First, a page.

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Quebec tragedy unlikely to slow oil shipments via rail

With shipments of crude rising, some say an accident as happened in Quebec was inevitable, but others say trains are the only — and safest — way to move the fuel

Rail cars were unloaded in Albany at a terminal owned by Global Partners, a Waltham firm that moves petroleum products across the country.MATTHEW CAVANAUGH FOR THE GLOBE

The weekend’s tragedy in Quebec, where at least 15 people were killed after an oil tanker train derailed and exploded in a small town near the Maine border, probably will not slow the tremendous growth in rail shipments of oil across New England and North America, local and national industry officials say.

Two Massachusetts companies, Global Partners LLC of Waltham and Pan Am Railways of Billerica, are part of this rail boom and should continue to benefit from it, analysts said. With production surging in North Dakota and western Canada, and no major pipelines connecting the oil fields to coastal refineries, there are few alternatives to rail to help meet the demand for gasoline, diesel, and other petroleum products.


“It’s something that’s really increased in the past year and a half,” Cynthia Scarano, executive vice president of Pan Am Railways, said of train shipments of crude oil from western North America through New England in particular.

“The trends are definitely pointing in the direction of increased shipments.”

With about 2,000 miles of rail lines in New England, Pan Am Railway regularly ships an undisclosed amount of crude oil from the Bakken shale fields in North Dakota through Massachusetts, southern New Hampshire, and Maine for eventual delivery to an Irving Oil refinery in St. John, New Brunswick.

Global Partners, meanwhile, has snapped up rail centers in the Northeast, including a facility in Albany, N.Y., and across the country in recent years to transport oil products. In the first quarter of this year, its sales soared by 40 percent to $5.6 billion, driven largely by Global Partners’ quickly growing “crude-by-rail” business, the company recently reported.

Global Partners officials did not respond Tuesday to several requests for interviews.

The tragedy in Lac-Megantic, Quebec, has focused attention on the rapidly increasing use of rail to transport oil. Just five years ago, fewer than 10,000 carloads of crude were carried by rail; last year, nearly 234,000 carloads were transported, according to the American Association of Railroads, a trade group.


At approximately 30,000 gallons per car, that means about 7 billion gallons of crude oil are shipped around the country. In a recent report, Raymond James & Associates Inc., a St. Petersburg, Fla., consulting firm, estimated that the volume of crude shipped by rail could increase by 150 percent over the next two to three years in the United States.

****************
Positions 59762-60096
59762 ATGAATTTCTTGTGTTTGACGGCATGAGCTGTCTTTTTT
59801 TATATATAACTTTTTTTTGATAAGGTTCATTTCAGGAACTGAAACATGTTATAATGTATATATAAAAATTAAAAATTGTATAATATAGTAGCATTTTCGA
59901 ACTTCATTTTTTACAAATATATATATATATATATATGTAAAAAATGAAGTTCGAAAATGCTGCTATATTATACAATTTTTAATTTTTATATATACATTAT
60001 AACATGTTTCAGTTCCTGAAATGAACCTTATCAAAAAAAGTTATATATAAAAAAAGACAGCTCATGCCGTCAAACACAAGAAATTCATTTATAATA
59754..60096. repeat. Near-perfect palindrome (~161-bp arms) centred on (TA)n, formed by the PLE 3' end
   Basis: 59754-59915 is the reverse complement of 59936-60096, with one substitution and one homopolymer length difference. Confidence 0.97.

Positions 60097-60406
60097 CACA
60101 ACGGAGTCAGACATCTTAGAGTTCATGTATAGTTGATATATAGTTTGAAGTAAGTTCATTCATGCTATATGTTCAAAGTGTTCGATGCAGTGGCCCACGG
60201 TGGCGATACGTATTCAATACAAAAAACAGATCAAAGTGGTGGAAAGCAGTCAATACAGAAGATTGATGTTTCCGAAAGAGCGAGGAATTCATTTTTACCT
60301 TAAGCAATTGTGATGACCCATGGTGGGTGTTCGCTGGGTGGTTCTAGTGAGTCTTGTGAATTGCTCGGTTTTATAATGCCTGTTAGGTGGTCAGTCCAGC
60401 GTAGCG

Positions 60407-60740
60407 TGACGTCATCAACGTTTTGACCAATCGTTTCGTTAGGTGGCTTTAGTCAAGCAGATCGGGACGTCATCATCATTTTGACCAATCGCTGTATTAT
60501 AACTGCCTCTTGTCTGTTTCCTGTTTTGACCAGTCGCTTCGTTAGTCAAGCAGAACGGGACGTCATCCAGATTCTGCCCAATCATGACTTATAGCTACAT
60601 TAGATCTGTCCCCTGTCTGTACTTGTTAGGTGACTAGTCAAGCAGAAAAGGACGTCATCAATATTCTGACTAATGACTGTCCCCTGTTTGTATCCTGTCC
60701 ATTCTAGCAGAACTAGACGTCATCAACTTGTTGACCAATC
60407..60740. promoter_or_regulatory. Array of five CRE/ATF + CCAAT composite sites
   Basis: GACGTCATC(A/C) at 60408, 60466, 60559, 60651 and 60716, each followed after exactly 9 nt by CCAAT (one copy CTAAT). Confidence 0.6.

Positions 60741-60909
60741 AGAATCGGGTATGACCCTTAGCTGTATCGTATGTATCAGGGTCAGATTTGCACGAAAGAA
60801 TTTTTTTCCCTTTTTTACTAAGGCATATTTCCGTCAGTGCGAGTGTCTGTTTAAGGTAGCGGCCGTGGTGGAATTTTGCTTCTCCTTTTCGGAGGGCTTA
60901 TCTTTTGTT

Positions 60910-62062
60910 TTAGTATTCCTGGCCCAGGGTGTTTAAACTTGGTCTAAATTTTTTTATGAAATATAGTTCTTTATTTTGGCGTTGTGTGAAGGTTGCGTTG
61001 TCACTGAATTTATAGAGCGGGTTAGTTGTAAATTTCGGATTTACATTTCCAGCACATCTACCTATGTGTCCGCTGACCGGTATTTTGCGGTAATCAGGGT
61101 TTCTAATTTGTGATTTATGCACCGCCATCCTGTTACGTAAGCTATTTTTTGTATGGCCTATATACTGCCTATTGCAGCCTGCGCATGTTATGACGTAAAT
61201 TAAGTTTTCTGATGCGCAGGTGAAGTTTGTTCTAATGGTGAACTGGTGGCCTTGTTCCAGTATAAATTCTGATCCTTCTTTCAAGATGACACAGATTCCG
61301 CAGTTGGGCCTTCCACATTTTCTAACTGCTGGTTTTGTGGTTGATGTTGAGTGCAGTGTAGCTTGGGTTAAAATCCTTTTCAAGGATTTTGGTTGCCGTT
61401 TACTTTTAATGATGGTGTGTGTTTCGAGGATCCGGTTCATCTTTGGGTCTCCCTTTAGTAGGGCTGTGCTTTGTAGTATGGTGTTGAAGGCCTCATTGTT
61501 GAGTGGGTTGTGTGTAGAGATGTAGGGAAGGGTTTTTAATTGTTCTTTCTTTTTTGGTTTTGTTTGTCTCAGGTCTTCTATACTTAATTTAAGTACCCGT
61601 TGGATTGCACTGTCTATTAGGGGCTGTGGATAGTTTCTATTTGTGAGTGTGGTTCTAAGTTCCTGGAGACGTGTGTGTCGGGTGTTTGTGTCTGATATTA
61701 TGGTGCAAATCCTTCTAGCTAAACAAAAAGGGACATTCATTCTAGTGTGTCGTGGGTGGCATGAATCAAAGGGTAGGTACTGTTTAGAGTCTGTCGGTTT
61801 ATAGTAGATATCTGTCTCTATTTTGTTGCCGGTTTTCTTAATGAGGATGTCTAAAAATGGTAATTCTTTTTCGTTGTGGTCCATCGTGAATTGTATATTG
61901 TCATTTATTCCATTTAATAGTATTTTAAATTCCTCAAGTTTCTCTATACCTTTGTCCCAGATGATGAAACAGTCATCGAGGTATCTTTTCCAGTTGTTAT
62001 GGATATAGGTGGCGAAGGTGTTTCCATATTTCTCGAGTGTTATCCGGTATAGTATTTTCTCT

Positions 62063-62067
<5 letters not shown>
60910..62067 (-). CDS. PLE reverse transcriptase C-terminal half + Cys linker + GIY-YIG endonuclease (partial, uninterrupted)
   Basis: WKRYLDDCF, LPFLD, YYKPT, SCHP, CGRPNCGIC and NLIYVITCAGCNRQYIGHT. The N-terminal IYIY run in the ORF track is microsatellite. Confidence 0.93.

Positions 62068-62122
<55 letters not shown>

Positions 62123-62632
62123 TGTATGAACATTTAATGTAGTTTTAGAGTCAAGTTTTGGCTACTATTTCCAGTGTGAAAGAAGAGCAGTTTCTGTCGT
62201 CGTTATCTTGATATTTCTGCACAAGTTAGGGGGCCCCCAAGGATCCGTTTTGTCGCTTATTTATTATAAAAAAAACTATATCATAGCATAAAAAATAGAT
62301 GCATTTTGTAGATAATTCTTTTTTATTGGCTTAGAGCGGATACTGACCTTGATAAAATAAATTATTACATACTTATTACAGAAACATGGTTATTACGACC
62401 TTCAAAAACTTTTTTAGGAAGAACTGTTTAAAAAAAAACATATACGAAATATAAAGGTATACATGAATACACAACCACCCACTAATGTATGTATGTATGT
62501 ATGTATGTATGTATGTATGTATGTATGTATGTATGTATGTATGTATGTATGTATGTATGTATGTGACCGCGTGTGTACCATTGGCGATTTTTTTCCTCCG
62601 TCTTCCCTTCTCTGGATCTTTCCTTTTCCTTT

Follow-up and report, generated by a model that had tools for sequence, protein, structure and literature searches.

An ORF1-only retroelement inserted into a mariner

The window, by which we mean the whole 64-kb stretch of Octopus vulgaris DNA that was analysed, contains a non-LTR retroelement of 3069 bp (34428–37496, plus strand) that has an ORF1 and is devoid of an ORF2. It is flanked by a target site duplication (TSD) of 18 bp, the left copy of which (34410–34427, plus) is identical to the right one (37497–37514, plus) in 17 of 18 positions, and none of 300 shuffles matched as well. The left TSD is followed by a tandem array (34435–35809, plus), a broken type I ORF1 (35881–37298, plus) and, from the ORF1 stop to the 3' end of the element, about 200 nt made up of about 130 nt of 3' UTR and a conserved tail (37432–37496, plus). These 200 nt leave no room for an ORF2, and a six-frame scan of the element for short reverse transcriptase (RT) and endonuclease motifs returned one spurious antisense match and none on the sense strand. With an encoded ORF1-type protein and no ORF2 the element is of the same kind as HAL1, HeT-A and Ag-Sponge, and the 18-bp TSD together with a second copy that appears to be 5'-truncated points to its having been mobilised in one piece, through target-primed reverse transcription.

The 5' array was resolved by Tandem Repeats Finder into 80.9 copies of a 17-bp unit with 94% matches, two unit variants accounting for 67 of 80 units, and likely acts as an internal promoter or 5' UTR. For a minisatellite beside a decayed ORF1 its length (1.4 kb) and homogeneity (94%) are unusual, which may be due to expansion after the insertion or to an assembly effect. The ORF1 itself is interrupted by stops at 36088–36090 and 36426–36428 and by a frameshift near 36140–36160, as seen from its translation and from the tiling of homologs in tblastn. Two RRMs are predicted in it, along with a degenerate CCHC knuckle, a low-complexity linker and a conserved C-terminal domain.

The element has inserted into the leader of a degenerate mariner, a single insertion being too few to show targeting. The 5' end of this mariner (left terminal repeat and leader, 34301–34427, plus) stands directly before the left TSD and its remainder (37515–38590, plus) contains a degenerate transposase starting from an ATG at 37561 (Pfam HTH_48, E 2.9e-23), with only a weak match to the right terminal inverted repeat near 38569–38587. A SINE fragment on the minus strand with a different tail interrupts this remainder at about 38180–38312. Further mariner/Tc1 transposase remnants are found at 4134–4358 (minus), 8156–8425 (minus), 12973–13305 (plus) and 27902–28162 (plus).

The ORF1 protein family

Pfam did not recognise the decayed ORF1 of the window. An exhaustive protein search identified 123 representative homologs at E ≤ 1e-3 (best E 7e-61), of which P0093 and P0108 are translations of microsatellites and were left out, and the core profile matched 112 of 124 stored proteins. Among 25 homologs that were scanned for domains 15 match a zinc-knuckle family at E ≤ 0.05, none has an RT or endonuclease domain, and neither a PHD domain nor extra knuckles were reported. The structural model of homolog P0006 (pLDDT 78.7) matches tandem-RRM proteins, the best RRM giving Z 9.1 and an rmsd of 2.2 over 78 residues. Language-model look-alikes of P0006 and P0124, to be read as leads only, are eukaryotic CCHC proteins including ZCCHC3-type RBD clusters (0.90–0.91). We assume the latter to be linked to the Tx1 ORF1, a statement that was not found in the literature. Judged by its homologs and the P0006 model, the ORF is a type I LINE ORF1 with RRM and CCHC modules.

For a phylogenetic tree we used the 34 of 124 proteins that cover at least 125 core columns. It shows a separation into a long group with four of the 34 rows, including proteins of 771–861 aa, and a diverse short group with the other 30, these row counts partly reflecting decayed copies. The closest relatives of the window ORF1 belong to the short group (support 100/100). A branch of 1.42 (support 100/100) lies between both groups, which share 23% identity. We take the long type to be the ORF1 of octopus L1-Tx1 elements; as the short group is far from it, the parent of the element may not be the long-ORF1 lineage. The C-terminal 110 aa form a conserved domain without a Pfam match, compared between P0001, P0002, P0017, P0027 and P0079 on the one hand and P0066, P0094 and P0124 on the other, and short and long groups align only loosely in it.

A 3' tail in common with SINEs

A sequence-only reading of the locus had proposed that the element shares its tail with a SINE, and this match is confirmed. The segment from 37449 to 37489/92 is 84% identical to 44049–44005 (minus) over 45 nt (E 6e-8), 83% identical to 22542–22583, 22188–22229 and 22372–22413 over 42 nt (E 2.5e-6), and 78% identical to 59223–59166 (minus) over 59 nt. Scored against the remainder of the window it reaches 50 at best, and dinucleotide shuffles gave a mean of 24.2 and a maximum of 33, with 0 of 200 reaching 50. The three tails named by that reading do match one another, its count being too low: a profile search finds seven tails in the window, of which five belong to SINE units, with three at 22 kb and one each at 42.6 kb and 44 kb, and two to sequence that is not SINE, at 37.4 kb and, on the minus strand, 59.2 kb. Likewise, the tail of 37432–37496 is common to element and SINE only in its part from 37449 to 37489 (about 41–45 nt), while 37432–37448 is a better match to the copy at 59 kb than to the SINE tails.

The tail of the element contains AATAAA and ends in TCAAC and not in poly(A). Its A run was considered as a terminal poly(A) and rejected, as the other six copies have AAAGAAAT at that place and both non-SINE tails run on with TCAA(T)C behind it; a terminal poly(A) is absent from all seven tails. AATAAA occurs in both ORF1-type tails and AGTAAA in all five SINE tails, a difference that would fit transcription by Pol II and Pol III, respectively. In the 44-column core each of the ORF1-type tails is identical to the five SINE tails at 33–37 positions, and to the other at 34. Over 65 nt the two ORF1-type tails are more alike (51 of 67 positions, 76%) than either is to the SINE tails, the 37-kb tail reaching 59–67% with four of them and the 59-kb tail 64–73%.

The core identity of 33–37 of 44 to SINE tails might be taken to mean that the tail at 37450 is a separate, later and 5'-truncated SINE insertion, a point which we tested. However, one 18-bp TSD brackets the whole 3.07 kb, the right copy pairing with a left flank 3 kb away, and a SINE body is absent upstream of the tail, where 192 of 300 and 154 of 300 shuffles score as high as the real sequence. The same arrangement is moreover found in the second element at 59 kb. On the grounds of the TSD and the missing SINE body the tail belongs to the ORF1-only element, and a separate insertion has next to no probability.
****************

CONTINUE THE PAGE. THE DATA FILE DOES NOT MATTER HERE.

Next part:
Meanwhile, the number of serious train accidents in the United States has declined significantly, from 867 in 2008 to 552 last year. Holly Arthur, a spokeswoman for the American Association of Railroads, said 2012 was the safest year ever for the railway industry.

But environmentalists, who have been mobilizing against the controversial drilling method known as “fracking” used in North Dakota and elsewhere, said the surge in oil moving by rail through communities made Lac-Megantic a tragedy waiting to happen.


Earlier this week, environmentalists protested at the headquarters of the owner of the derailed train, the Montreal, Maine & Atlantic Railway in Hermon, Maine, calling attention to rail safety and the role of fossil fuels in climate change. Some of those protesters included people who were arrested last month after they tried to block a Pan Am Railway line in Maine that they believed would be used to transport crude oil through Maine to New Brunswick. The protesters were arrested for trespassing.


John Calandrelli, a program director at the Sierra Club of Connecticut, expects protests to escalate across New England over the issue of crude oil deliveries through the region.

“We’re trying to change a system that doesn’t want to change,” said Calandrelli of the oil and transport sectors.

“This is both a safety issue and an environmental issue.”

In Massachusetts, environmentalists beat back a proposal by a Global Partners subsidiary to transport ethanol through densely populated communities north of Boston to a facility in Revere. Global Partners withdrew the request for a rail license after the state Legislature approved an amendment that prohibited the storage of large quantities of ethanol near crowded neighborhoods.

“I heard about the devastating news in Quebec and thought, ‘That could have been us,’ ’’ said Roseann Bongiovanni, an environmental activist at Chelsea Collaborative, which helped fight the Global Partners rail plan.

“The accident in Quebec shows that we need a lot more state regulation of these lines.”

But the federal government, not the states, regulates interstate rail. Industry officials say that is another reason why they expect crude oil deliveries to continue to grow.

“The bottom line is that there’s a demand for this oil,” said Richard C. Beall, a former railroad engineer and now a consultant for Railroad Litigation Experts, a railroad operations and safety consulting firm.

“We have a demand for more oil, and with that demand will be a demand for more trains. It’s not going away.”


Material from Globe wire services was used in this report.